LIHU‘E — State lawmakers passed a bill on the last day of the 2021 legislative session, that would give all public-school teachers a one-time. $2,200 bonus payment. Two unions are in disagreement over the incentive.
Jonathan Medeiros, a language-arts teacher at Kaua‘i High School, expressed his gratitude for the proposed bonus payment, which still needs Gov. David Ige’s signature to become law.
“We basically just feel grateful,” Medeiros said. “That money will make many lives easier, even briefly, and the gesture makes us feel like our state legislators care about our work and our lives.”
HB613 allows the state Department of Education to expend federal pandemic-relief funds totaling $29.7 million on programs and projects that include the bonus for educator-workforce stabilization.
“The Hawai‘i State Teachers Association is extremely grateful to state lawmakers for unanimously approving a school-budget bill (HB613) that includes one-time, $2,200 payments to teachers to help combat the teacher-shortage crisis and stabilize the state’s teaching force,” said Corey Rosenlee, HSTA president, in a statement.
Rosenlee said incentivizing educators to stay on the job next school year by providing them one-time payments is an appropriate use of federal pandemic-relief funds and a move other school districts across the country have also done. The U.S. Department of Education specifically mentioned these funds should be used to avoid “devastating layoffs and hiring additional educators to address learning loss.”
According to Rosenlee, each year Hawai‘i faces 1,000 publi- school educator vacancies as part of a chronic teacher shortage. These payments will help retain more qualified educators since their pay ranks among the lowest in the country when Hawai‘i’s high cost of living is factored in.
“Mahalo to the legislative leadership for taking action to ensure there are enough teachers to open the schools safely in the fall,” Rosenlee said.
“We’d like to particularly thank Senate President Ron Kouchi, House Speaker Scott Saiki, Senate Education Chair Michelle Kidani, House Education Chair Justin Woodson, Senate Ways and Means Chair Donovan Dela Cruz and House Finance Chair Sylvia Luke for having the foresight to pass this legislation. Mahalo, also, to all legislators for their unanimous support of HB613,” said Rosenlee.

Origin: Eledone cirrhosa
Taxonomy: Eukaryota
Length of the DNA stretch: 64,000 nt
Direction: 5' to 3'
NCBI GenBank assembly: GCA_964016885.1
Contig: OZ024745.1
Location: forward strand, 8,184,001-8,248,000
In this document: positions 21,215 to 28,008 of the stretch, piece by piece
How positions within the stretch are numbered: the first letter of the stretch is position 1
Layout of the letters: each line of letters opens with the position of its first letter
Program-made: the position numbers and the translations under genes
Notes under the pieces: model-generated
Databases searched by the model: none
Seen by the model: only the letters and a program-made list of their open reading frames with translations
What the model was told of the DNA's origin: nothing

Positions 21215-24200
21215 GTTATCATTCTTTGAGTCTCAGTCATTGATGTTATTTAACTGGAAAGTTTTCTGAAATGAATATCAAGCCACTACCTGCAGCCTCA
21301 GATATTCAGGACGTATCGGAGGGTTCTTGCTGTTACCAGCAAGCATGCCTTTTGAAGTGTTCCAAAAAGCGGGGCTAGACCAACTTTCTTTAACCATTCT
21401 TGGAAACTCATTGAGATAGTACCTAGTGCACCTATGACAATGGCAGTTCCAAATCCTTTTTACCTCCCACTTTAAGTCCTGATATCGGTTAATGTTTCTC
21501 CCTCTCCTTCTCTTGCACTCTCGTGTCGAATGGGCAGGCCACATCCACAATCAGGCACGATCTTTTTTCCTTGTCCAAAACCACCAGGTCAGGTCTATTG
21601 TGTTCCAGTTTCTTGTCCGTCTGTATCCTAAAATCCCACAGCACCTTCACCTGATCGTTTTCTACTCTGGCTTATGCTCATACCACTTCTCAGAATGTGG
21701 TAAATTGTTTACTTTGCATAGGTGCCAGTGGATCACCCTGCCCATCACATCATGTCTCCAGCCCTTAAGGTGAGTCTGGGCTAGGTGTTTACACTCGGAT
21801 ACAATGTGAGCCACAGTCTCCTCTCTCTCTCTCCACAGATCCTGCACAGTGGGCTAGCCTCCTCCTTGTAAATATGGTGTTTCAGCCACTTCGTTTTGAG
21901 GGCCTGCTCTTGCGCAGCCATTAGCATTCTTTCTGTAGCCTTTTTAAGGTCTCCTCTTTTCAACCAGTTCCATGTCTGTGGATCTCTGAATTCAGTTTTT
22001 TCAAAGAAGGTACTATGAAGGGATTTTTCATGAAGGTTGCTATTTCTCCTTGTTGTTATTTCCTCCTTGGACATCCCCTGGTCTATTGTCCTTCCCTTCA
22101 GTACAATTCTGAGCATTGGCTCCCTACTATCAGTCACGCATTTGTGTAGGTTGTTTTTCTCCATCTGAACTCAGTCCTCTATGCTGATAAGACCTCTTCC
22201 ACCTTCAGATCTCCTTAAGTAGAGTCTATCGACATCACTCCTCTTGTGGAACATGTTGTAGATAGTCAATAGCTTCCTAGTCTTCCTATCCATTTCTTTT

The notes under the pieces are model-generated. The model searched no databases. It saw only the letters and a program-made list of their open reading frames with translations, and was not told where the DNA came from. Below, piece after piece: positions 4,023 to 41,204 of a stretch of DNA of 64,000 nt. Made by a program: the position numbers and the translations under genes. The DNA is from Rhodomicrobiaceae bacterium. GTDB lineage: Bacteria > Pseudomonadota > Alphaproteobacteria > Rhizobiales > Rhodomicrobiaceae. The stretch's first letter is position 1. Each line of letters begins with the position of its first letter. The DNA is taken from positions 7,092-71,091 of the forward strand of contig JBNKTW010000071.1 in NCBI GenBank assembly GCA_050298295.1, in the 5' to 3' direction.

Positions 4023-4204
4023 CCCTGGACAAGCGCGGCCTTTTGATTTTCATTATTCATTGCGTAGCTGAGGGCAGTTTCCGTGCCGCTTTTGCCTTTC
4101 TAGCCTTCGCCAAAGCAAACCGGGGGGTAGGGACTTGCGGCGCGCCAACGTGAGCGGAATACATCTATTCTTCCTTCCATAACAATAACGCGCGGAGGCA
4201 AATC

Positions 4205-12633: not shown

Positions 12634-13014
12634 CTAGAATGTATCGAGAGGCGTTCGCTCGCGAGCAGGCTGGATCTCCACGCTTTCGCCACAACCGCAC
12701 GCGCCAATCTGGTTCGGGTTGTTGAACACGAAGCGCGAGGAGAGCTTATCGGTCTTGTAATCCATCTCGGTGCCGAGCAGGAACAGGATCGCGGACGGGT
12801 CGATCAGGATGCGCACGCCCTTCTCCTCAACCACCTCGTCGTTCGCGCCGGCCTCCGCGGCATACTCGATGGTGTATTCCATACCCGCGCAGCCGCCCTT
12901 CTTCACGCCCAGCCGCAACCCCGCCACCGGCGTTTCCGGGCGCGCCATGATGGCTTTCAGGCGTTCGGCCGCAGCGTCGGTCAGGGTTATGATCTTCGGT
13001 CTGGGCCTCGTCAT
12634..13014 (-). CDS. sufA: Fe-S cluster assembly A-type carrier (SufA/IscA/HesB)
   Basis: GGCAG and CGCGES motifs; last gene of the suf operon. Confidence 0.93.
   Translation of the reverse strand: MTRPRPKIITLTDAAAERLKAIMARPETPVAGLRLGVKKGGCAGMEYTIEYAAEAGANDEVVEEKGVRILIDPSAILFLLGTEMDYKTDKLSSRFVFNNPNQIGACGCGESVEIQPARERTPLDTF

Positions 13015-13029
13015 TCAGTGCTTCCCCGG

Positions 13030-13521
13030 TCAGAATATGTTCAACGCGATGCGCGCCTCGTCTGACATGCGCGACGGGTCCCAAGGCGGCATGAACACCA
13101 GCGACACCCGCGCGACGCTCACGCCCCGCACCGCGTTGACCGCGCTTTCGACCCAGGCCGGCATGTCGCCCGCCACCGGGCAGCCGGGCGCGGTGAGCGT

Meanwhile, Hawai‘i Government Employees Association Executive Director Randy Perreira released a statement on Thursday in disagreement with the bill because the union believes it favors one group of workers instead of all.
“With distance learning, it is now more apparent than ever that success hinges on a community,” Perreira said, “educators — including special education and classroom assistants, principals, counselors, librarians, specialists, support staff, custodians, food-service employees, parents, and more, working together.
“It is unconscionable that the Legislature disregarded collective bargaining and granted this generous cash bonus to one group of employees while making significant departmental cuts elsewhere, like in higher education, which will likely lead to layoffs for others.”
The HGEA represents over 7,350 employees in the DOE, and the union cannot support singling out and rewarding one profession over all others, he said.
The federal Elementary and Secondary School Emergency Relief Fund monies were intended to provide schools with the necessary resources to maintain the operation and continuity of all school services and not just the services provided by one profession, Perreira said.
State Rep. Nadine Nakamura, who represents the North Shore and portions of the Eastside, broke down the reason why the payment is for teachers only.
“My understanding is that Elementary and Secondary School Relief funds were used for the one-time teacher bonus,” Nakamura said. “Unfortunately, to comply with federal law, these funds could only be used for teachers, and not administrators and support staff.”
County Councilmember Felicia Cowden likes the idea of teachers being recognized for their efforts.
“Teachers have had a particularly difficult year, especially those who are simultaneously educating their own children,” Cowden said. “Honoring their efforts and tenacity has merit. The continued retention of our teachers benefits our whole society.”
State DOE Kaua‘i Complex Area Superintendent Paul Zina was contacted but declined to comment.
Stephanie Shinno, education and business reporter, can be reached at 245-0424 or firstname.lastname@example.org.